While the UK high street is encountering some headwinds, there are certain sub-sectors that are thriving, with Health & beauty leading the way in net location openings.
English and Welsh town centres have lost 8% of their shops on average since 2013. Some major cities such as Stoke-on-Trent and Blackpool have closed two out of ten town centre sites over the past five years.
Analysing the apparent high street decline by category reveals some interesting trends. There were 751 net closures in clothing stores during the period, 638 net closures of hobby and sport equipment stores and 434 net closures of restaurants.
However, at the other end of the spectrum, there has been a significant increase in certain categories over time. This suggests that while there is an overall decline in the number of high street stores, we could be experiencing a temporary shake out from the high street as channel dynamics shift online (e.g. apparel) and towards the home (e.g. the Deliveroo impact on restaurants), making way for areas where demand is greater in bricks and mortar.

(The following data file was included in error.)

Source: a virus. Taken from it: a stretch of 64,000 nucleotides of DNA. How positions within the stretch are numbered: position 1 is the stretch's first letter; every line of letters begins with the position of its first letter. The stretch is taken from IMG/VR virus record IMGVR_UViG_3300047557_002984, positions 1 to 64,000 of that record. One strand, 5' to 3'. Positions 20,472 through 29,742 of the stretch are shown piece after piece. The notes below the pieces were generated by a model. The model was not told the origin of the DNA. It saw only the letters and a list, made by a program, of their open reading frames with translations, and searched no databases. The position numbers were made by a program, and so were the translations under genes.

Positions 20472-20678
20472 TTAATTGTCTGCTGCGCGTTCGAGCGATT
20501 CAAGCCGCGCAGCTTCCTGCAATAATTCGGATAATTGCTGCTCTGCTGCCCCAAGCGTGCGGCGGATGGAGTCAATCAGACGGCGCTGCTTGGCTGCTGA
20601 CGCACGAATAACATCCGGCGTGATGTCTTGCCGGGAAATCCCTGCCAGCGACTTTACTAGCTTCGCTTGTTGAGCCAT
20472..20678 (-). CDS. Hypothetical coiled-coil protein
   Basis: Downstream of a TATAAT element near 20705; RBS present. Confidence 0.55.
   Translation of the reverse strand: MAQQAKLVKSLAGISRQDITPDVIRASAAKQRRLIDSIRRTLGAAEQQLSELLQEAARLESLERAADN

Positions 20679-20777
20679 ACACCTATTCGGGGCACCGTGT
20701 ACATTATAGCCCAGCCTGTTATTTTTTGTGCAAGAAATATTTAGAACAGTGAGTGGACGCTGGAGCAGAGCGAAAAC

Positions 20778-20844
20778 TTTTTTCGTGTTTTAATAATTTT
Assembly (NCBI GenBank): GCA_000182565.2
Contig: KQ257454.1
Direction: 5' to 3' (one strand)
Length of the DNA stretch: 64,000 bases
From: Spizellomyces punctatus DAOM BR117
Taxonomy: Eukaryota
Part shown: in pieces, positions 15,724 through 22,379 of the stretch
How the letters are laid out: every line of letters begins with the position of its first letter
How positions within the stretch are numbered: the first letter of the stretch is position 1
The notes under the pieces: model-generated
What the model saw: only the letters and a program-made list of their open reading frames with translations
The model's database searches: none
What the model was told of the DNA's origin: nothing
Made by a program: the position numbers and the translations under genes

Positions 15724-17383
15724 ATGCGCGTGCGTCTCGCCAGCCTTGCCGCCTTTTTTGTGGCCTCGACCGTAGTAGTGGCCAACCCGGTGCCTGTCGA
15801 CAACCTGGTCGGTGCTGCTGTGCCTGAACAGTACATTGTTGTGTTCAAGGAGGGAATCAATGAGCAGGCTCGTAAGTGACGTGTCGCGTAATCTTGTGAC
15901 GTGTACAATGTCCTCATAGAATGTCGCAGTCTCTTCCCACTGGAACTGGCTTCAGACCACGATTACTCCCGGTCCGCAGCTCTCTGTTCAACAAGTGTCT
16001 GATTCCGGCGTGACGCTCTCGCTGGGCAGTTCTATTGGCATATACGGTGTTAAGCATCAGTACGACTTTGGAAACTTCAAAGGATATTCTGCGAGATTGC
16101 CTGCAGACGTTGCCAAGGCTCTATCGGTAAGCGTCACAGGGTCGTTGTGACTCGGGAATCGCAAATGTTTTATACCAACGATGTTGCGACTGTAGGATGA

Hair and beauty services, for example, have experienced a 1,006 net increase in the number of UK high street sites since 2013, with pubs and bars (+282), cafes (+284), takeaways (+518) and convenience stores also winning.
On a location basis, Brighton and Hove has alone gained an impressive 41 salons, with Stoke-on-Trent being only one of four town centres that have lost hair and beauty salons.
There is a global obsession with wellness and beauty that is proliferating online through the rise in social media penetration. However, it should not be underestimated how beneficial that dynamic can be for service providers that rely on footfall and consumers' willingness to travel in order to thrive.
English and Welsh town centres have lost 8% of their shops on average since 2013, according to a Guardian analysis, with some major destinations such as Stoke and Blackpool shuttering two out of 10 town centre sites over the past five years.